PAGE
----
Don’t make it personal.

An organization’s people bring with them a variety of personalities, life experiences, and perspectives. A good leader has the ability to build respectful relationships valuing the individual, while also being able to communicate clear expectations. In some cases the expectations will be the policies and performance standards of a business, in others it might be the amount of time and attention someone can give to a volunteer committee or even a book group. In any case, creating a respectful environment focused on agreed upon expectations removes much of the opportunity for individuals to make things personal.   In other words it is not about who the person is, but rather their ability to meet the established expectations.  And if an individual is challenged to meet expectations it creates an opportunity for shared goal setting and supported growth allowing them to develop through experience.

 

 

The Rocking Chair: A Leadership Reboot

Last week, I summited the 13,770 foot Grand Teton. I had attempted the climb over 12 years ago, but was turned back because of weather. The climb remained a personal goal of mine over the years. Thanks to a push from my cousin, Kate Carlin Giller last February, we decided we were going to attempt the “Grand” together at the end of the 2015 summer. I once again set my focus on the goal of reaching the top of the “Grand” and this time I successfully met the physical and mental challenges it took to complete the climb.

The morning following my 14-hour climb, descent and celebration dinner, I pulled myself out of bed because my friend Luis Hernandez, an early childhood specialist from the Western Kentucky University, was facilitating at the Children’s Learning Center staff retreat and I did not want to miss him. I was delighted I did because we had a fantastic morning focused on early childhood leadership… my favorite topic.

When I returned home that afternoon, I began to feel the “blues” caused by the emotional letdown from my huge accomplishment the day before. I had spent so much time preparing for my climb. I had set my vision more then 12 years prior, taken steps to reach the summit, both literally and figuratively, and now the accomplishment was behind me. I had been leaning into the process for a long time and now there was nothing to push against.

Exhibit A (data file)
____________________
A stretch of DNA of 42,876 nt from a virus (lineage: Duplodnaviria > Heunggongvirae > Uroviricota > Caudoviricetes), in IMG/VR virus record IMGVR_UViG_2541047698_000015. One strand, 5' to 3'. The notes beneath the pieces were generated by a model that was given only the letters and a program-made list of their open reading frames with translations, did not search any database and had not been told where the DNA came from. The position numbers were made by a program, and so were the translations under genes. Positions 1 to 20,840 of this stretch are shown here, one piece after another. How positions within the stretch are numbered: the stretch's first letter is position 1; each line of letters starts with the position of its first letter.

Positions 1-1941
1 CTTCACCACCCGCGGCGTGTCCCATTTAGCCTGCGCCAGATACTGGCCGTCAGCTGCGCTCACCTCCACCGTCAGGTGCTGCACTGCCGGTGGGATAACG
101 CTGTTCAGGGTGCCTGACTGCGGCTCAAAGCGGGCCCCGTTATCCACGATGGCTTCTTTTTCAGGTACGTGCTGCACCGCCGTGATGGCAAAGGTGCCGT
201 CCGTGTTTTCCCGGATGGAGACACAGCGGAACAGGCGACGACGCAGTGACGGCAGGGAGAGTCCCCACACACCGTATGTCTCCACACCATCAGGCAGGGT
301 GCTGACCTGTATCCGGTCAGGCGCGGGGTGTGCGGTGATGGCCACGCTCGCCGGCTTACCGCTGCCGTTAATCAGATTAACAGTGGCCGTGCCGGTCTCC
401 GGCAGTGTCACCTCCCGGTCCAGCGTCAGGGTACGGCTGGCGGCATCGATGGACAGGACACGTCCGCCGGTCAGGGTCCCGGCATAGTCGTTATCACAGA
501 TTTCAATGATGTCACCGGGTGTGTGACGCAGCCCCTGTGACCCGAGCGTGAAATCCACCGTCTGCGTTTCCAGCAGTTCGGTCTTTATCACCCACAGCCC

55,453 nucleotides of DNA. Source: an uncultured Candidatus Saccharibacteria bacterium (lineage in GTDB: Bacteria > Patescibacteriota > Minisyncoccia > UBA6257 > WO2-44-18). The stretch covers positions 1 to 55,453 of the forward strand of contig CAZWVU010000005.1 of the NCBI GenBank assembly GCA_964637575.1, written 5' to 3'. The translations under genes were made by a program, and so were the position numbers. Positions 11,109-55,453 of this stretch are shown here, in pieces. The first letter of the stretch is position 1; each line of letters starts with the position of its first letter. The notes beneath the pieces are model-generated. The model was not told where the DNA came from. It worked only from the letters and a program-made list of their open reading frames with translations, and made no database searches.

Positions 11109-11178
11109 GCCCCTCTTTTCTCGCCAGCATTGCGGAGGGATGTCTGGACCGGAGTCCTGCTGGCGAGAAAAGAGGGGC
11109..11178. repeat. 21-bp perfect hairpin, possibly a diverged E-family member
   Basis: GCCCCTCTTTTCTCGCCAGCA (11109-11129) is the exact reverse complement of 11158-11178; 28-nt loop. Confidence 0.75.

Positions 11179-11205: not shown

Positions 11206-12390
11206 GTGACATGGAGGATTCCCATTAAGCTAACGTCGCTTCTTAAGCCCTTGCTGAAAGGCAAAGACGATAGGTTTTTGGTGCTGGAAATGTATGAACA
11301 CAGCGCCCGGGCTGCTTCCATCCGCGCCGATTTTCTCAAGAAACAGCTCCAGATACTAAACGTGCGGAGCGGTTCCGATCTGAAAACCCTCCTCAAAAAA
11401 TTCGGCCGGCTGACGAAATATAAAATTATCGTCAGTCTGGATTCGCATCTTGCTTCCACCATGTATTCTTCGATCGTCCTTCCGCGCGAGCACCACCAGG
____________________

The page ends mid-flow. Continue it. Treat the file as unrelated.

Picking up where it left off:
A couple of days later, when my body felt good enough to take a walk again, I began to reflect on my feelings of letdown and my thoughts brought me back to Luis, leadership, and a book he co-authored with Holly Elissa Bruno, Janet Gonzalez-Mena, and Debra Ren-Etta Sullivan called Learning from the Bumps in the Road: Insights from Early Childhood Leaders, specifically the chapter titled The Great Impostor: Unmasking the Burden of Self-Doubt in Our Professional Lives. It occurred to me during my emotional letdown I had begun to question my accomplishment… had I really been good enough or was it a fluke? Did I have it in me to gear up to take such a risk and meet similar challenges again? And more importantly, do I need to set a new vision and start working on it immediately?

Last winter I attended a dinner where we had an intentional conversation about the idea of leaning in, a concept made popular by Sheryl Sandberg in her book of the same name. As part of our discussion some of us decided it is physically and mentally impossible to lean in all the time. Life is more like a rocking chair, you lean in rocking forward with persistence and determination for periods of time and at others you rock back and reboot.

As I detailed in my March 17, 2015 Blog post, 4 Characteristics of a Leader, I believe great leaders must have the ability to set and lean into a vision. Based on my successful Grand Teton climb and later reflection, I also know that if you are lucky enough to reach your vision, or even a significant milestone along the way, it is time to rock back, reflect, and breath. Give yourself a chance to celebrate who you are, why you made it, and remind yourself what is important to you. It can be a time to live and work focused on daily goals and challenges rather then long term visions. By taking time to rock back you give yourself the ability to reflect on your past accomplishments while creating fresh dreams and ideas, before you know it a new vision will spring forth to inspire you to lean in again.

Grand Summit

Colby the Exum climbing guide, Kate and Betsy (Me) on the Grand Teton Summit

Bruno, H. E., Gonzalez-Mena, J. Hernandez, L. A., & Sullivan, D. R. (2013). Learning from the Bumps in the Road: Insights from Early Childhood Leaders. St. Paul, MN: Redleaf Press.

Sandberg, S. (2013). Lean in: Women, work, and the will to lead (First edition.). New York: Alfred A. Knopf.

 

Reflections on Joy, Strengths and Being

I am just returning from New Orleans where I have been attending the 2015 NAEYC Institute for Professional Development. It was this year’s theme that drove me to attend The Early Childhood Profession We All Want: What Will It Take To Get Us There? As a person who is continually thinking about leadership and leadership development there are many ideas swirling in my head which will manifest themselves into various blog posts that I can share, but for today I want to keep it simple.

During one of the sessions I attended, the presenter recommended asking people what in their work gives them the most joy? She suggested, in their answer you will find their strengths. For me, my immediate answer was people and relationships. Later on I asked a group of colleagues I was talking with, “what gave them joy in their work?” As each person shared their answer, such as organizing, research, technology and building relationships, I began to see by using this simple tool; a leader could begin to build a collaborative team with diverse strengths. It also provides a natural opportunity for collective leadership allowing members of the team to lead a portion of the project using their strength. Knowing my strengths lay in relationship building and setting vision, a good organizer, researcher and technology lover would be necessary to lead other aspects of a project not in my skill set. Once again this demonstrates the sum of the parts of a team is exponentially greater then the individuals.